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Youth in agribusiness and rice seed production in Nigeria


Youth represent a substantial segment of the global population: according to the United Nations, in 2020 there were 1.8 billion young people between the ages of 10 and 24 in the world. Youth are also considered the agents of social transformation and change-makers of tomorrow. Empowering them with the right technologies, innovations, business skills, knowledge, and opportunities prepares them for transforming agribusiness in agri-food systems.

 

AfricaRice, in line with the Nigerian government’s commitment to reduce youth unemployment and poverty, is creating a new generation of youth seed producers who will revolutionize the Nigerian agricultural sector through rice seed production businesses. In this country, seed mixtures and lack of good quality rice seed have long been major constraints to rice production and food security. The AfricaRice youth entrepreneurship development approach seeks to change those constraints with three pillars of action. First, we are enhancing the technical competence and skills of youth and women in seed agribusiness. Second, we are ensuring significant return on investment, especially when technologies, innovations, and services are combined. And third, we are organizing the effective coaching and mentoring of youth—connecting them with experienced professionals and successful business owners who can provide guidance and support.

 

In one project under our approach, AfricaRice partnered with the Government of Nigeria and the International Fund for Agricultural Development (IFAD)-assisted Value Chain Development Programme in training 180 youth seed producers in rice seed production businesses across the Nigerian states of Anambra, Benue, Ebonyi, Niger, Ogun, Taraba, Enugu, Nasarawa, and Kogi. The training modules included a series of classroom lectures on the principle of seed production, field practical sessions to provide hands-on experience in the preparation of nursery beds and good agricultural practices, and the setting up of demonstration plots in each of the nine states. Each trained youth was empowered with 50 kilograms of breeder seed from AfricaRice as a starter pack to plant 1 hectare of land. The agribusiness incubation model has benefited from backstopping visits by AfricaRice’s seeds team.

 

This intervention has changed things for good for the majority of the youth—especially the line transplanting method for seedlings, which has doubled their yields compared to the broadcasting method of planting rice. Some of the trained youth seed producers not only supply seed, but also provide out-grower services for industrial rice processors such as Olam International and Popular Farms. Olam International selected one young producer, Sumaiya Amadu, the CEO of Sea Agro Enterprises from Taraba State, as their chief rice seed producer. Ms. Amadu has also received several awards from IFAD Rome thanks to her training with AfricaRice. Reza Agro Services, run by another youth seed entrepreneur from Niger State, sold seed worth US$ 41,667 through a linkage to off-takers in Akwa Ibom State. Peter Okonkwo, a youth seed entrepreneur from Anambra State, has bought a tractor from his sales of rice seed.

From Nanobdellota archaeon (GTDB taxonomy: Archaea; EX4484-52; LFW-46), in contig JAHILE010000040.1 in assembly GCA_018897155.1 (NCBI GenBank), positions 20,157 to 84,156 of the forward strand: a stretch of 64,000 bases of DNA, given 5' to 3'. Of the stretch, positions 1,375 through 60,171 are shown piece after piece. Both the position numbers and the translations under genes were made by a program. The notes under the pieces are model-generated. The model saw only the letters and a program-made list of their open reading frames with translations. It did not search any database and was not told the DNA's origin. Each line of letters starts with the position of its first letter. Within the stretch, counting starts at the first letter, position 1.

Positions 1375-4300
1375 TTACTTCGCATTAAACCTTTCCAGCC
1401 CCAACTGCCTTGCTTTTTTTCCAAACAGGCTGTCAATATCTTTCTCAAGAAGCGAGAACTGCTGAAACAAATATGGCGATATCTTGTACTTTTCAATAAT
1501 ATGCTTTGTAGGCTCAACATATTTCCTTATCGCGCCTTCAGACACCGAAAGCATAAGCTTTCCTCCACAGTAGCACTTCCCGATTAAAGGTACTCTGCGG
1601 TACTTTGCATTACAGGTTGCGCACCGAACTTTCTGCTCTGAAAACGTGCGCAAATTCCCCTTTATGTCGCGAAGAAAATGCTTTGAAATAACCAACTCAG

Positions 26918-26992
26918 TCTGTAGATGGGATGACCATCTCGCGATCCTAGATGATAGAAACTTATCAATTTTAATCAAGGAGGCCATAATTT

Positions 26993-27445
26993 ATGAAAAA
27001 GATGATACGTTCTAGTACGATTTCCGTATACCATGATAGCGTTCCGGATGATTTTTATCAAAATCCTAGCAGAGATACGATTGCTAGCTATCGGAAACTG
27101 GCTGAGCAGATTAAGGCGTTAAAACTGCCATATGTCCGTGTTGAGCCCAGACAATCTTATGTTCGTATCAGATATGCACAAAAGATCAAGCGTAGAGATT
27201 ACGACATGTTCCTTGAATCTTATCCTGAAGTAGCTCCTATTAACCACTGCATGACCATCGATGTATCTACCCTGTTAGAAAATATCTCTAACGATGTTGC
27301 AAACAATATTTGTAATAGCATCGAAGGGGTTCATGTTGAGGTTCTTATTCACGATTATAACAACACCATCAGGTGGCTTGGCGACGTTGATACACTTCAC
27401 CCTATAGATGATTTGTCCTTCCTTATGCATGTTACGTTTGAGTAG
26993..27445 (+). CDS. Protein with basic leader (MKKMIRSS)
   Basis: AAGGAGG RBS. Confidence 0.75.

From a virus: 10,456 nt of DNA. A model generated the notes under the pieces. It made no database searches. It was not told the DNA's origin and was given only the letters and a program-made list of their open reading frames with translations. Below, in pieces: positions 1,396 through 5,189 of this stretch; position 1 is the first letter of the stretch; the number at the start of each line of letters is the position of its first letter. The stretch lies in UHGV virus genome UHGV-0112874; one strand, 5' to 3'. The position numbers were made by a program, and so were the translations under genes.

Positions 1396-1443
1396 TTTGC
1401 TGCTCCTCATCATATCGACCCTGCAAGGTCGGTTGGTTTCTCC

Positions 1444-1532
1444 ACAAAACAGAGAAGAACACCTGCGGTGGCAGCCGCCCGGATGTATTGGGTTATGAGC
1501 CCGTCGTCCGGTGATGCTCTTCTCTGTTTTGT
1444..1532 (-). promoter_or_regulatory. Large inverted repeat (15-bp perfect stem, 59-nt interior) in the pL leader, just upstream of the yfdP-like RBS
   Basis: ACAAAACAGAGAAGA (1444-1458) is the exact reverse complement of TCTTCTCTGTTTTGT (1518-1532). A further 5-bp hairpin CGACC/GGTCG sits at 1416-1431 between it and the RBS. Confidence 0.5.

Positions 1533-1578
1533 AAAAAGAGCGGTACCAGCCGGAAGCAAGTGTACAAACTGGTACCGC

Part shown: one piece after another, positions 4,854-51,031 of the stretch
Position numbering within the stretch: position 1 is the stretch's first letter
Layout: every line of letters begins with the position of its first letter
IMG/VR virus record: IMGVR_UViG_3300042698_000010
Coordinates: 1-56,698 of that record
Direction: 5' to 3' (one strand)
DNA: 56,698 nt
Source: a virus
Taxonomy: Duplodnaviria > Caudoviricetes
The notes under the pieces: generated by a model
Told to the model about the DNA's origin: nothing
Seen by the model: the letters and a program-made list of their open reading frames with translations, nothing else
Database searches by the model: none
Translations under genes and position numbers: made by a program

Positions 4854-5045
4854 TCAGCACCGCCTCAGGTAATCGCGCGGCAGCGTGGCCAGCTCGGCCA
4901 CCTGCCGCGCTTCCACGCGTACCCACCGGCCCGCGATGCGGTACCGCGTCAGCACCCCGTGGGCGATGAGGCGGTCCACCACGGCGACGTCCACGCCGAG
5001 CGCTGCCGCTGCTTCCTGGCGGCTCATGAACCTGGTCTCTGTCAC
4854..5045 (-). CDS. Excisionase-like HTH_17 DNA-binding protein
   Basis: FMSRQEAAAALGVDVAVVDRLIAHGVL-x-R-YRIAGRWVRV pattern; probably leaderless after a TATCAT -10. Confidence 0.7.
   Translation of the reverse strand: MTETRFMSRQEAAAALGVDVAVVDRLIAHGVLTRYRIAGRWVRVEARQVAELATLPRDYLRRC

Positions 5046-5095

AfricaRice has simultaneously pursued our youth entrepreneurship approach in Nigeria under other projects. Through the Youth Employment in Agribusiness and Sustainable Agriculture project, implemented in Oyo and Ekiti States, 53 youth and women were trained and provided with foundation seed and capital to become seed producers. Some of them are today marketing their seed to farmers in these and neighboring states. Under the Zero Hunger project implemented in Ebonyi State, 200 youth seed producers were trained on digital extension advisory tools and supported with starter packs of foundation seed to become seed entrepreneurs in their rural farming communities—shortening the distance farmers must travel to source and buy quality improved seed. This has proven itself as a good exit strategy that ensures youth remain in profitable and sustainable businesses contributing to job creation beyond the life of seed intervention programs.

 

With projects like these, AfricaRice has showcased the enormous business opportunities that abound along the rice value chain, and the socio-economic benefits of integrating the divergent but complementary individual skills and abilities of young people into the agricultural sector.

 



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